Love for one's enemies: the teaching and example of St Silouan the Athonite
22nd International Ecumenical Conference on Orthodox Spirituality
BLESSED ARE THE PEACEMAKERS
Bose, Wednesday 3 - Saturday 6 September 2014
di Sr MAGDALENE dI Maldon
Many patristic commentaries speak of the Beatitudes as a sequence ofprogressive stages. Our beatitude is far along the list. Likewise, love for one's enemies is high up on the ladder of love. The monk Silouan lived and taught this
love to a rare degree. Archimandrite Sophrony, his disciple, emphasises that while what his elder teaches echoes the past tradition, he sheds fresh light on Christ's already 'new' commandment.
'They shall be called the children of God.' Preaching peace as the Church does will indeed make the preachers like the Son of God, in His pain as well as His glory. Fr. Sophrony reminds us that 'those who truly preach Christ's peace should never lose sight of Golgotha'. [...] "'Love your enemies" is not accepted by the world, and so all down the centuries the world has persecuted the true Church. Sad to say, St Silouan experienced this in his own monastery, even though he practised what he spoke of, and could not be accused of hypocrisy: On one occasion the cause was a lack of discernment in the preacher. 'The Lord said, "Blessed are the peacemakers." And so I thought to myself, "Part of my time I will live in silence, and part devote to peacemaking." So I went and sat with Brother x., [...] who was agitated in mind; [...] I began to exhort him to forgive and live in peace with all men. For a while he bore with me but presently he rose up against me so fiercely that I fled his cell, almost running from him [...]. And I realised that one must seek the will of God [...] instead of thinking up spiritual feats for oneself. At other times he was accused of disloyalty to the persecuted Russian Church when he spoke of praying for her enemies. '''The enemy persecutes the Holy Church," you say. "Am I then to love him?" My answer is this: "Your poor soul has not come to know God, [...] and how longingly He looks for all men to repent and be saved. The [...] Holy Spirit [...] teaches the soul to love her enemies." [...] Our one thought must be that all should be saved. The soul sorrows for her enemies and prays for them because they have strayed from the truth and their faces are set towards hell. That is love for our enemies.
Thus, St Silouan knew that even in a monastic community there can be hostility. 'Living in a Community, more often we lose grace because we have not learned to love our brethren according to the Lord's commandment. If your brother offend against you, and you feel anger, or you condemn or detest him, you will for that grace has fled and peace departed. To have peace of soul we must school ourselves to love the man who has offended us [...]. There can be no peace for the soul unless she pray the Lord with all her might for the gift of love towards all men. 'He who loves not his enemies will never find peace, even though he were to be set down in paradise.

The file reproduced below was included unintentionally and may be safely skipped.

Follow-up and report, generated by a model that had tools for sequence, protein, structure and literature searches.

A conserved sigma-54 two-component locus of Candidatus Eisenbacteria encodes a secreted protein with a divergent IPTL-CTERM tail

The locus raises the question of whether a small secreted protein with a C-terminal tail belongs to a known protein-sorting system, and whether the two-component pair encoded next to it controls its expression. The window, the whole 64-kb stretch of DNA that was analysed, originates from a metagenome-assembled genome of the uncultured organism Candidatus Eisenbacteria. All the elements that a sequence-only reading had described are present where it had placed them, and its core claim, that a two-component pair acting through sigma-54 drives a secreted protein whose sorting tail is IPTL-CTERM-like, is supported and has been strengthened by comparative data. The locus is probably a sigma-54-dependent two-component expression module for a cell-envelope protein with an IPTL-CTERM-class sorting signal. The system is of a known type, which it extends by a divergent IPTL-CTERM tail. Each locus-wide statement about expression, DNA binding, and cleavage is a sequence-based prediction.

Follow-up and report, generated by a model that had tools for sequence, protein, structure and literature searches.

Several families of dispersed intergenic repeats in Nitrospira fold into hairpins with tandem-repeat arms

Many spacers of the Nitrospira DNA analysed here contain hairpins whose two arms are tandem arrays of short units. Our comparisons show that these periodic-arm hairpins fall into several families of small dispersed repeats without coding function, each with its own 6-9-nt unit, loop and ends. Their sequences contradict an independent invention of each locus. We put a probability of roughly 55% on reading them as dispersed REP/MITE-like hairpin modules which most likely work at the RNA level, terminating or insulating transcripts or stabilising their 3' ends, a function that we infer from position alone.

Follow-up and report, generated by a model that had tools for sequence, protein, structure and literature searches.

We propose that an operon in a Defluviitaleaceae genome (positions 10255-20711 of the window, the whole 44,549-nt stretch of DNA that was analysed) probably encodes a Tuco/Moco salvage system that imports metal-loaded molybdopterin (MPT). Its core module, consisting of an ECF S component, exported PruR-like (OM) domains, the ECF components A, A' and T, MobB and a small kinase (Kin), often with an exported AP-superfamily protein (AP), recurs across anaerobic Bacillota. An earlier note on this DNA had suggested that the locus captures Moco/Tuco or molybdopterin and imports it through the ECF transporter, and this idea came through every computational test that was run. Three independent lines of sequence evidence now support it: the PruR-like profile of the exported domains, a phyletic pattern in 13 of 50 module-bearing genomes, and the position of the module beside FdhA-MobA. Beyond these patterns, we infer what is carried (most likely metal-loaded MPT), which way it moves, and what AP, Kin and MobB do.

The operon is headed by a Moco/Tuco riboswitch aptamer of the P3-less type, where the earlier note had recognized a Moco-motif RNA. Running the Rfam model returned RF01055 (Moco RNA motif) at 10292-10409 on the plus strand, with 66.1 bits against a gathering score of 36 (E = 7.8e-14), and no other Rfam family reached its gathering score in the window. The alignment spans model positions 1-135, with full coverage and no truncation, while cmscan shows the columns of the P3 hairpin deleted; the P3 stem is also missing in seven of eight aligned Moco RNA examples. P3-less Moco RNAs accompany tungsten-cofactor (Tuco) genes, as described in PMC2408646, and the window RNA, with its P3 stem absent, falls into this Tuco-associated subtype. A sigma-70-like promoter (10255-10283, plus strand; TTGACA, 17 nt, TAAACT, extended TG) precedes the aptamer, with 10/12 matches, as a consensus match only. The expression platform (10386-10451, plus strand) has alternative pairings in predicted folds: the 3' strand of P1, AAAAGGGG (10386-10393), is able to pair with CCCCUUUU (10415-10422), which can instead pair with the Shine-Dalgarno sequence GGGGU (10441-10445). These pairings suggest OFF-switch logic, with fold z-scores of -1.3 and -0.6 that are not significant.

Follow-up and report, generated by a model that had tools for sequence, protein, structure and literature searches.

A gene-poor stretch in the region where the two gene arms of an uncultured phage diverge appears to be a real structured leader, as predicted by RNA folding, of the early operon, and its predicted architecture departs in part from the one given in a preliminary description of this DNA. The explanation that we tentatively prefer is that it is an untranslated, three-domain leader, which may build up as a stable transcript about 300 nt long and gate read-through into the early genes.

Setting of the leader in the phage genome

St Silouan saw Christ in a vision when he was a novice; he experienced Christ's humble Love with all his being. He began to pray for the entire world as for himself. In this state the soul does not distinguish between friend and foe. 'If we love our enemies there will be no place in our souls for pride, for in Christ-like love no one ranks above another.' The more darkness someone is living in, the more the grace-filled person will pity him. This is how Divine love is reflected in the human soul. 'He who will not love his enemies cannot come to know the Lord and the sweetness of the Holy Spirit. The Holy Spirit teaches us to love our enemies, so that the soul pities them as if they were her own children. When the soul stills her passion and grows humble, the Lord gives her His grace, and then she prays for her enemies as for herself; and sheds scalding tears for the whole world.
'The man who loves his enemies soon comes to know the Lord in the Holy Spirit, but of the man who does not love his enemies I have no wish to write. Yet he is to be pitied, for he is a torment to himself and to others, and will not know the Lord.
Christ and the apostles teach that love of our brethren is the test of how real and how deep is our love for God. St. Silouan shows us that the test of our knowledge of Truth is our attitude towards those who offend us, or are cruel to the Church. 'There are people who desire the destruction, the torment in hellfire of their enemies, or the enemies of the Church. They think like this because they have not learned divine love.' Thus, in the confusion of ecclesiastical groupings and schisms, love of enemies becomes also an ecclesiological criterion: the persecuted Church which prays for her enemies must be the true Church, rather than those with false zeal 'not according to knowledge' who organise uprisings and even wars against the enemies of truth. Knowledge of God comes from love of enemies and leads to love of enemies; the two are inseparable.